1968: Scallop landings and prices are on the decline. Four large New Bedford scallopers leave for Alaska. The New Bedford Scallop Festival is re-named the New Bedford Seafood Festival as scallops decline and yellowtail flounder landings increase.

1968: Roy Enoksen establishes Nordic Fisheries with the purchase of his first scalloper, F/V SEA TREK.


Early 1970’s: New Bedford’s scallop fishery continues to decline. The scallop fleet is reduced to 45 vessels. Even with diminished landings, the price of scallops stays low. Imported scallops from Canada are seen as the reason for the continuing low scallop prices.

1971: 13 scallop boats convert to dragging for yellowtail flounder.

1974: Flounder, especially yellowtail, continue to take the place of scallop landings. New Bedford lands 25% of flounder caught nationwide.

Mid-1970’s: Scallop landings and prices begin to improve for the New Bedford fleet. This is in part due to many vessels dredging off the mid-Atlantic states instead of George’s Bank.

Mid-1970’s: Thomas Ferreira establishes F&B Rubberized, which utilizes die-cut rubber tires to create chafing and rolling gear for the fleet.

1975: The National Marine Fisheries Service (NMFS) reports 133 foreign vessels fishing on George’s Bank

1976: The New Bedford groundfish fleet, like the rest of New England, are dealing with the realities of diminishing stocks. The vessels start to bring in other, previously underutilized species to compensate.

“Fish that would have been thrown overboard a few years ago, like monktail, catfish and sand dabs, are now part of the commercial haul.” -Morning Record: 2/11/76

“You used to come back with 50-70-100,000 pound of Haddock’ Says Lloyd Artis ‘Now you’re lucky if you see 5,000 in a trip.” –Spokesman-Review: 2/15/76

1976: Magnuson Fishery Conservation and Management Act establishes the 200 mile limit. By the next year the foreign factory fleets are pushed out of American waters. However for local fishermen, much of the damage has already been done.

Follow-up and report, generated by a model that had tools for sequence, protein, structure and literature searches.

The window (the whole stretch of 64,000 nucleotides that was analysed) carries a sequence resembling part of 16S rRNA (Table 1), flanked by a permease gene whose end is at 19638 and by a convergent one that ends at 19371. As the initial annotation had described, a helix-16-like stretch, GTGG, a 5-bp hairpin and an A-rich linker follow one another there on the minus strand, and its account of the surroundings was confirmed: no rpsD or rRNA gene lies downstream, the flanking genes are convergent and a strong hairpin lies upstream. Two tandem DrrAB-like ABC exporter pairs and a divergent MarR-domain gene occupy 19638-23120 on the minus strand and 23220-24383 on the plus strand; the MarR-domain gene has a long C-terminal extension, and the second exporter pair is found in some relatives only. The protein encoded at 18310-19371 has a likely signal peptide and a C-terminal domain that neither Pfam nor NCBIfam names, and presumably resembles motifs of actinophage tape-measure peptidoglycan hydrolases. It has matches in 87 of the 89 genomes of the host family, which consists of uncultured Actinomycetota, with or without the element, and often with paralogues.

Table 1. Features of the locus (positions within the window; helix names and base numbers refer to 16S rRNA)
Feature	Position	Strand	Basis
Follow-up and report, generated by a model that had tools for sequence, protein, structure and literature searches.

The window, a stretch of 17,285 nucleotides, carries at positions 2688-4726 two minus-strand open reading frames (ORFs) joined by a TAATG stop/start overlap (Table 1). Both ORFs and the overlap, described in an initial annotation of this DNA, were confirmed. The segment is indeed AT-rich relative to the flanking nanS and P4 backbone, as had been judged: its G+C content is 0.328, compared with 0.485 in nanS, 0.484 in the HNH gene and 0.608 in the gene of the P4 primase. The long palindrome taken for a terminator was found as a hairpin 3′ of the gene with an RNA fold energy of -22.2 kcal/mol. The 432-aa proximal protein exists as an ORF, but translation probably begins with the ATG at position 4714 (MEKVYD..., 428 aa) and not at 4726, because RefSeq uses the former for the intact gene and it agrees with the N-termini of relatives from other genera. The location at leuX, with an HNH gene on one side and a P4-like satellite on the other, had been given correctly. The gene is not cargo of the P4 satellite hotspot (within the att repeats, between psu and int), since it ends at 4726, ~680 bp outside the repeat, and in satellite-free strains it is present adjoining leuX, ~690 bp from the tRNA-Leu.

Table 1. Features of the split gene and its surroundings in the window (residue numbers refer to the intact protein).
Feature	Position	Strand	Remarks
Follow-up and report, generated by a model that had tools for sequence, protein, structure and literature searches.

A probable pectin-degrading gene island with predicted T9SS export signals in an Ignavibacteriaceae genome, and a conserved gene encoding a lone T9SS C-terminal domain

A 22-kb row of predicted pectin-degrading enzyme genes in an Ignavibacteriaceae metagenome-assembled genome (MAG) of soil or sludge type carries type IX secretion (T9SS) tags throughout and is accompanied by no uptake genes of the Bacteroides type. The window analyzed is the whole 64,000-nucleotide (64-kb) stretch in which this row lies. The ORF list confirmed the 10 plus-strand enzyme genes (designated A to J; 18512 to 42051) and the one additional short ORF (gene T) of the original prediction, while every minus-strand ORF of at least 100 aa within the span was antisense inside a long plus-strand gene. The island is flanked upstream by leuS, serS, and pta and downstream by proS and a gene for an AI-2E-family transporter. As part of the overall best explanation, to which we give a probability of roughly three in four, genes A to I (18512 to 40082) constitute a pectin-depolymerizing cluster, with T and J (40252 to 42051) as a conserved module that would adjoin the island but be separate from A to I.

1977: NAVIGATOR, a 73 foot scalloper on a ten day trip goes down with her captain, Norman R. Lepire and a crew of 12. It is the biggest loss of life for a New Bedford vessel in the City’s history.

Late 1970’s: National Marine Fisheries Service oversees the Fishing Vessel Obligation Guarantee Program. The federal program helps build up the local fleet in the wake of the 200 mile limit by securing loans for new vessels to commercial fishermen.

1978: Roy Enoksen of Nordic Fisheries and Frank O’Hara of the O’Hara Corporation partner to create Eastern Fisheries.

1979: Yellowtail flounder, a staple of New Bedford fishing is on the decline. Trip limits are now being enforced, including a two month ban on yellowtail fishing in February.


Early 1980’s: George’s Bank scallop beds begin to rebound.

1980: Bendiksen Fisheries launches the 98′ VIKING, a combination scalloper-dragger and the first of its type.

1982: Implementation of the Atlantic Sea Scallop Fishery Management Plan.

1982: Walter and Wayne Bruce develop and patent anti-chafing gear known as “cookies” for scallop dredges (US patent #434972, 9/21/1982). They are usually made from old vehicle tires and prevent damage to the chain bag as it scours the bottom.

1984: New Bedford is the number one fishing port in the nation, by value of landings.

1984: The “Hague Line” is created by the World Court, splitting George’s Bank into Canadian and American areas, creating the exclusive economic zone (EEZ). The ruling cuts off access to the Northeast peak for American fishermen. This area is well-known for large scallop beds and as a prime fishing ground for the swordfish fleet.

Mid-1980’s: Reidar Bendiksen, a Norwegian immigrant establishes Reidar’s Trawl-Scallop Gear and Marine Supply. A retired fisherman, many of his innovations are adopted by the rest of the fleet.

1985: A bitter strike between boat owners and the New Bedford Fishermen’s Union threatens the very existence of the city’s fishing industry. With landings down and rising operating costs, tensions build between fishermen and owners over shares of the catch, paying of trip expenses, hiring practices and the fishermen’s pension fund. The strike involves over 700 New Bedford fishermen and about 100 vessels. Both union and non-union fishermen form picket lines, some non-union vessels fish short-handed and do business in other ports.

1986: As the strike drags on, the community takes sides but much of the fleet is fishing again by late February 1986. Still a sore subject among fishermen, this strife leads to the end of organized labor in the New Bedford fishing fleet. It also plays a role in the closing of the New Bedford Fish Auction at the Wharfinger Building.

1986: COLUMBIA, an Eastern-rig scalloper, is the last wooden vessel built for the New Bedford fleet.